Version française
Home     About     Download     Resources     Contact us    

This site is updated infrequently. For up-to-date information, please visit the new OCaml website at

Browse thread
RE: AW: [Caml-list] The tag bit
[ Home ] [ Index: by date | by threads ]
[ Search: ]

[ Message by date: previous | next ] [ Message in thread: previous | next ] [ Thread: previous | next ]
Date: 2004-08-13 (14:58)
From: Ennals, Robert <robert.ennals@i...>
Subject: RE: AW: [Caml-list] The tag bit
Do mostly copying collectors actually solve the problem Andreas was

My impression was that mostly copying collectors are only really useful
when the vast majority of pointers are tagged. If all pointers into a
block are tagged, then the block is copied (just as it would be in a
copying collector); however if there are some ambiguous pointers into a
block (e.g. from within some C code you have linked to) then that block
is "pinned" into position, and must remain pinned until there are no
ambiguous pointers into it.

Thus, my impression was the mostly copying collection is great if one
has a language that uses tagged pointers, but wishes it to share GC-ed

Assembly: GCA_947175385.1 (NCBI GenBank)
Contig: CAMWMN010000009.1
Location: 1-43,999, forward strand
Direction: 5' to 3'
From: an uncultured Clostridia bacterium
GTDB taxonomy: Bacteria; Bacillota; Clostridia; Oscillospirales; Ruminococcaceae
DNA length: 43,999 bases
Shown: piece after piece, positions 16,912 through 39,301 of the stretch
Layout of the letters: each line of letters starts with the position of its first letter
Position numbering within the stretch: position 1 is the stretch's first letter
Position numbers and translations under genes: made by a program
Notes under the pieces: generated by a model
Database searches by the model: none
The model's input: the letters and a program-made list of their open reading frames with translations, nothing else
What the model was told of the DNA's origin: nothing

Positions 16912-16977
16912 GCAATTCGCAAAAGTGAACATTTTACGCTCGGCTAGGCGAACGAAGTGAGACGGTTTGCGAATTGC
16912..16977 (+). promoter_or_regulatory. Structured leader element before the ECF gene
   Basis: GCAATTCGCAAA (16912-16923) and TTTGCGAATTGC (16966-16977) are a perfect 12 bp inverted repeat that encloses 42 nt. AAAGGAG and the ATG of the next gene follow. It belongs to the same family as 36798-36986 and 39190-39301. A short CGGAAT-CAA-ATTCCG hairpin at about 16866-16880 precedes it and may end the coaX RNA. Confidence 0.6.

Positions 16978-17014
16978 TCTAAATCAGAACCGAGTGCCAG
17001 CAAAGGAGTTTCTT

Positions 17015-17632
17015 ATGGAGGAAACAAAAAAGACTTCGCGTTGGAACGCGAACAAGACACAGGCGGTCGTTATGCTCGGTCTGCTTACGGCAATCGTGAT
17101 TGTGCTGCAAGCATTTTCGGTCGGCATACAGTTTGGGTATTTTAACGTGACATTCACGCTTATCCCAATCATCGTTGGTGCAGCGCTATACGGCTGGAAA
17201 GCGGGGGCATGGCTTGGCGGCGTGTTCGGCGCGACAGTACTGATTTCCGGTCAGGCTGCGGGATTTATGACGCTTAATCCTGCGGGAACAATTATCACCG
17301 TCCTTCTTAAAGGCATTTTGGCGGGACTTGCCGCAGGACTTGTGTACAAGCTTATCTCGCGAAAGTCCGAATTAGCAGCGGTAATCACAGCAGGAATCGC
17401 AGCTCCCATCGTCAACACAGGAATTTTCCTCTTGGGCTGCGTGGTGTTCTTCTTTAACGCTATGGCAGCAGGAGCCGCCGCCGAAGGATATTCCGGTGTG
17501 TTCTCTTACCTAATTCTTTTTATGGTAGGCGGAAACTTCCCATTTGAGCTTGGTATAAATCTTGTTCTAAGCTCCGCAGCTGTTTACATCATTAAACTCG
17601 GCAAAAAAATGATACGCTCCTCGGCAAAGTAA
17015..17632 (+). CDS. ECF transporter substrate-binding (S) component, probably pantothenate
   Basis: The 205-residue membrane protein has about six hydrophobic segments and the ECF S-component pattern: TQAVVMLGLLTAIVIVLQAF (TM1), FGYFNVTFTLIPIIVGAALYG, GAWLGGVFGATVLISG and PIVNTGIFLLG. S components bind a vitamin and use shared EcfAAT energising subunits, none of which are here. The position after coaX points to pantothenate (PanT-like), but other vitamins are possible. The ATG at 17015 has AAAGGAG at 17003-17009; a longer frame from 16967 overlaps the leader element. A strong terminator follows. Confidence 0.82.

objects with a language that doesn't understand tags, but that it
wouldn't really buy you anything in a situation where nothing was tagged
(which is what I think people were proposing).

Of course, I may be talking complete rubbish here - this isn't really my
field. Please feel free to tell me that I've completely misunderstood


> -----Original Message-----
> From: [mailto:owner-caml-
>] On Behalf Of T. Kurt Bond
> Sent: 13 August 2004 15:33
> To: Andreas Rossberg
> Cc:
> Subject: Re: AW: [Caml-list] The tag bit
> Andreas Rossberg writes:
> > AFAIK, a conservative collector is not allowed to move anything.
> > it is inherently incompatible with compacting and generational GC,
> > used in OCaml (and highly desirable).
> Joel F. Bartlett's 1988 paper "Compacting garbage collection with
> ambiguous roots" describes a conservative "mostly copying" compacting
> GC scheme; his 1989 paper "Mostly-Copying Garbage Collection Picks Up
> Generations and C++" descibes a generation variation.  Frederick Smith
> and Greg Morrisett's 1997 paper "Mostly-Copying Collection: A Viable
> Alternative to Conservative Mark-Sweep" describes an improved variant
> that they compared with the BDW by using both with the TIL/C ML
> compiler.  Giuseppe Attardi, Tito Flagella, and Pietro Iglio describe
> a GC in their 1998 paper "A Customisable Memory Management Framework
> for C++" that uses mostly copying GC for the default heap.
> --
> T. Kurt Bond,
> -------------------
> To unsubscribe, mail Archives:
> Bug reports: FAQ:
> Beginner's list:

To unsubscribe, mail Archives:
Bug reports: FAQ:
Beginner's list: